Saturday, February 07, 2009

A revealing piece of writing by Stalin about policies that he himself supported several years later

It's possible to find both the writings of the people opposed to Stalin and those of Stalin himself on the web. In fact, it's possible to collate the two and sometimes find the direct writings that each are responding to. So it goes with Stalin's criticism of the "Left Opposition"'s platform* [On edit: this is actually not the Left Opposition Platform but the Joint Opposition Platform, a later document that was produced by an alliance of left wing Bolsheviks lead by Trotsky with centrist Bolsheviks lead by Zinoviev.] The Left Opposition was formed by left wing Bolsheviks, lead by Trotsky, and advocated a more direct transition to socialism than what was going on at the time. Stalin was in the opposition, along with Bukharin, who Stalin would later arrest and have killed. After the Left Opposition was defeated, Stalin in turn started policies and rhetoric that echoed those of the the Left Opposition. So here you have Stalin defending the NEP, the New Economic Program and opposing hostility to the peasantry, which he would implement with an iron fist himself in '29. The Left Opposition's platform is Here. Stalin responded to it in a speech entitled "The Party and the Opposition", located Here.

Knowing that he would involuntarily collectivize the peasantry of Russia and requisition amounts of produce from them leading to outright famine it's interesting to see Stalin say this:

"Not to go far for proof of this, I could refer to Pre-
obrazhensky, the opposition’s chief economist, who
regards the peasantry as a “colony” for our industry,
as an object to be exploited to the utmost.

I could also refer to a number of the opposition’s
documents in favour of raising the prices of manufac-
tured goods, which would inevitably cause our industry
to wilt, would strengthen the kulaks, ruin the middle
peasants and force the poor peasants into bondage to
the kulaks.

****

What does a policy of discord with the middle peas-
ants mean? The policy of discord with the middle peas-
ants is a policy of discord with the majority of the
peasants, for the middle peasants constitute not less
than 60 per cent of the entire peasantry. That is precise-
ly why the policy of discord with the middle peasants
leads to the majority of the peasants being driven in-
to the arms of the kulaks. And a policy of driving
the majority of the peasants into the arms of the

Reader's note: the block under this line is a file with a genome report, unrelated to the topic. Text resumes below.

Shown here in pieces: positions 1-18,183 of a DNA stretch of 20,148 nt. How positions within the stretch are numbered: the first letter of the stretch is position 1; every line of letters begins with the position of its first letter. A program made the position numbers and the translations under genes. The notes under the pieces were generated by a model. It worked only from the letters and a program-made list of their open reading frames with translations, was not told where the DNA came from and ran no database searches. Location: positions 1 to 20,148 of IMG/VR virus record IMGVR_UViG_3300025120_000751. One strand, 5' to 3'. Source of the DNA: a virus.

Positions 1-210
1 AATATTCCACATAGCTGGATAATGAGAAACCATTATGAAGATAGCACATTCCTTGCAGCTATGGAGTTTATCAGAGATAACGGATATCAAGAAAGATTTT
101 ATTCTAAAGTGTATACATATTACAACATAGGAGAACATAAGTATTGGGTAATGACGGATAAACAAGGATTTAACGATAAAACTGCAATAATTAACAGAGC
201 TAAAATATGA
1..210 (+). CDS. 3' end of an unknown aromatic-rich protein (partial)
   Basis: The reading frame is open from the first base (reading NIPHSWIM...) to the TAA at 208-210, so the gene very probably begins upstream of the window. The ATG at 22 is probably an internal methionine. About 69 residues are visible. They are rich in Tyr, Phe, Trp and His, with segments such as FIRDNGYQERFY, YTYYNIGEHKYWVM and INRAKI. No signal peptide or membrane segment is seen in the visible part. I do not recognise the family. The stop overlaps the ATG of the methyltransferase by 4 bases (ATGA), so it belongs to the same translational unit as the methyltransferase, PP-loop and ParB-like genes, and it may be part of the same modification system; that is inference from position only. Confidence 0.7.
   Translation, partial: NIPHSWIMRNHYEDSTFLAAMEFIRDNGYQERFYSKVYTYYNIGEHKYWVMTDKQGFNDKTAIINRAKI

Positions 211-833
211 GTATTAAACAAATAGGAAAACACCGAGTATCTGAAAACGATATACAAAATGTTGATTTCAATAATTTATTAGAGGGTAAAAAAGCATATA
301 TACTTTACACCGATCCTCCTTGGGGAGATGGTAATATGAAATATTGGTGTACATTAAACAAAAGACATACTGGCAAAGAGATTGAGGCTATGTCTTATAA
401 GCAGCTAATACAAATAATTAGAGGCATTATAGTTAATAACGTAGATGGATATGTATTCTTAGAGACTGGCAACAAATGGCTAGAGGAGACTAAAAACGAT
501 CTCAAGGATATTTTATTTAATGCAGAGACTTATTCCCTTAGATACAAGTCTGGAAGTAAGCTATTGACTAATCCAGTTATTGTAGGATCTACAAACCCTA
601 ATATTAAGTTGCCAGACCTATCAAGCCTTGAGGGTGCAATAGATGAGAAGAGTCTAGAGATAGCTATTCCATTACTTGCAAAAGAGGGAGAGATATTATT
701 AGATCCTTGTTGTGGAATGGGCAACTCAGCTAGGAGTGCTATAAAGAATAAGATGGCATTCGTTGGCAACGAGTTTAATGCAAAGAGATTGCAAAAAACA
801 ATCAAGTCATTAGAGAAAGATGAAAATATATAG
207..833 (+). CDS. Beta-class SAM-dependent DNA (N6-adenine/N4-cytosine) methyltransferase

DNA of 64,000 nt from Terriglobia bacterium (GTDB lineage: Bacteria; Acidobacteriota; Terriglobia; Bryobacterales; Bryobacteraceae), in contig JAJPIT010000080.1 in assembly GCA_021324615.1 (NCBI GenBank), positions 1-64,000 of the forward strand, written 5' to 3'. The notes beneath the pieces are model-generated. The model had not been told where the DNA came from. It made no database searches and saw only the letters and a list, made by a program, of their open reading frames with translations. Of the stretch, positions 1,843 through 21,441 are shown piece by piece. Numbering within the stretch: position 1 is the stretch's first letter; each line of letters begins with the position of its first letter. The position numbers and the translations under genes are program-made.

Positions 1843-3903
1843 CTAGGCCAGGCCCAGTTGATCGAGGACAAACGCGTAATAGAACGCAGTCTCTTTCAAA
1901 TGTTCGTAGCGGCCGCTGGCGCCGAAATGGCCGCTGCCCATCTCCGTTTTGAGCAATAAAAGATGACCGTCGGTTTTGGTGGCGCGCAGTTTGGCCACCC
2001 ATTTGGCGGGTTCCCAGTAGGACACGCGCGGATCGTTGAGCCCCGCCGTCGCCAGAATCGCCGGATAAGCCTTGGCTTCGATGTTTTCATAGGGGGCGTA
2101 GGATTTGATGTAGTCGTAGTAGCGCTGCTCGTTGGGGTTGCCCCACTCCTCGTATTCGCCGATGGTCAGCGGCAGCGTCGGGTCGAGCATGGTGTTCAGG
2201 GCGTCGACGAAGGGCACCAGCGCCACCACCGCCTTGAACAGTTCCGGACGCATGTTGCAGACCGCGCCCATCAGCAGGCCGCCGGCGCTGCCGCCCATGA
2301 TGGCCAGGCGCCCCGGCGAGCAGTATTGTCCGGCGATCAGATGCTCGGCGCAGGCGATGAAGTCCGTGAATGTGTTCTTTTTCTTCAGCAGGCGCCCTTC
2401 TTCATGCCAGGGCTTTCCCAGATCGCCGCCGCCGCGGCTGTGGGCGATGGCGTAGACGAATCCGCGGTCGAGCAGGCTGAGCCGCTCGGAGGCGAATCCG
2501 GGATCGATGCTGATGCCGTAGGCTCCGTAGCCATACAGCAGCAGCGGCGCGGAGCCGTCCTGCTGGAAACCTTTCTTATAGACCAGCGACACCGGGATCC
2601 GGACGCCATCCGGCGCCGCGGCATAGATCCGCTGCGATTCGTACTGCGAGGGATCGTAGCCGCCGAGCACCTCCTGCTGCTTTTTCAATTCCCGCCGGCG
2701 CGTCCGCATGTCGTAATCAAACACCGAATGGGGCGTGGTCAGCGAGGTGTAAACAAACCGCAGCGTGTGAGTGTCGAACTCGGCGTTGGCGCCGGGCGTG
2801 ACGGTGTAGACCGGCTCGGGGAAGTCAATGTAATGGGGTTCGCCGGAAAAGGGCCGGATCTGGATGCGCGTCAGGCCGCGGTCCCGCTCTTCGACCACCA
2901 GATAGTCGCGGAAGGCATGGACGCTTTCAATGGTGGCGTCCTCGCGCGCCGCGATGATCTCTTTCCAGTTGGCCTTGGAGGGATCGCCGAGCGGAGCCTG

kulaks means strengthening the kulaks, isolating the
poor peasants, weakening Soviet rule in the country-
side and helping the kulaks to throttle the poor peas-
ants.

But the matter does not end here. To pursue a poli-
cy of discord with the majority of the peasantry means
starting civil war in the countryside, making it difficult
for our industry to be supplied with the raw materials
produced by the peasants (cotton, sugar-beet, flax,
hides, wool, etc.), disorganising the supply of agricul-
tural produce for the working class, shattering the very
foundations of our light industry, disrupting our entire
work of construction, disrupting our whole plan of in-
dustrialising the country."

Then, a few years later, there's this(from "Bukharin's Group and the Right Deviation"):

"This group, as is seen from their statement, has its own separate platform, which it counterposes to the Party's policy. It demands, firstly -- in opposition to the existing policy of the Party -- a slower rate of development of our industry, asserting that the present rate of industrial development is "fatal." It demands, secondly -- also in opposition to the policy of the Party -- curtailment of the formation of state farms and collective farms, asserting that they do not and cannot play any serious part in the development of our agriculture. It demands, thirdly -- also in opposition to the policy of the Party -- the granting of full freedom to private trade and renunciation of the regulating function of the state in the sphere of trade, asserting that the regulating function of the state renders the development of trade impossible.

In other words, Bukharin's group is a group of Right deviators and capitulators who advocate not the elimination, but the free development of the capitalist elements in town and country.

At the same time, Bukharin's group opposes the emergency measures against the kulaks and "excessive" taxation of the kulaks, and unceremoniously levels against the Party the accusation that, in applying such measures, it is in point of fact conducting a policy of "military and feudal exploitation of the peasantry." Bukharin needed this ludicrous accusation in order to take the kulaks under his protection, and in doing so he confused and lumped together the labouring peasants and the kulaks."

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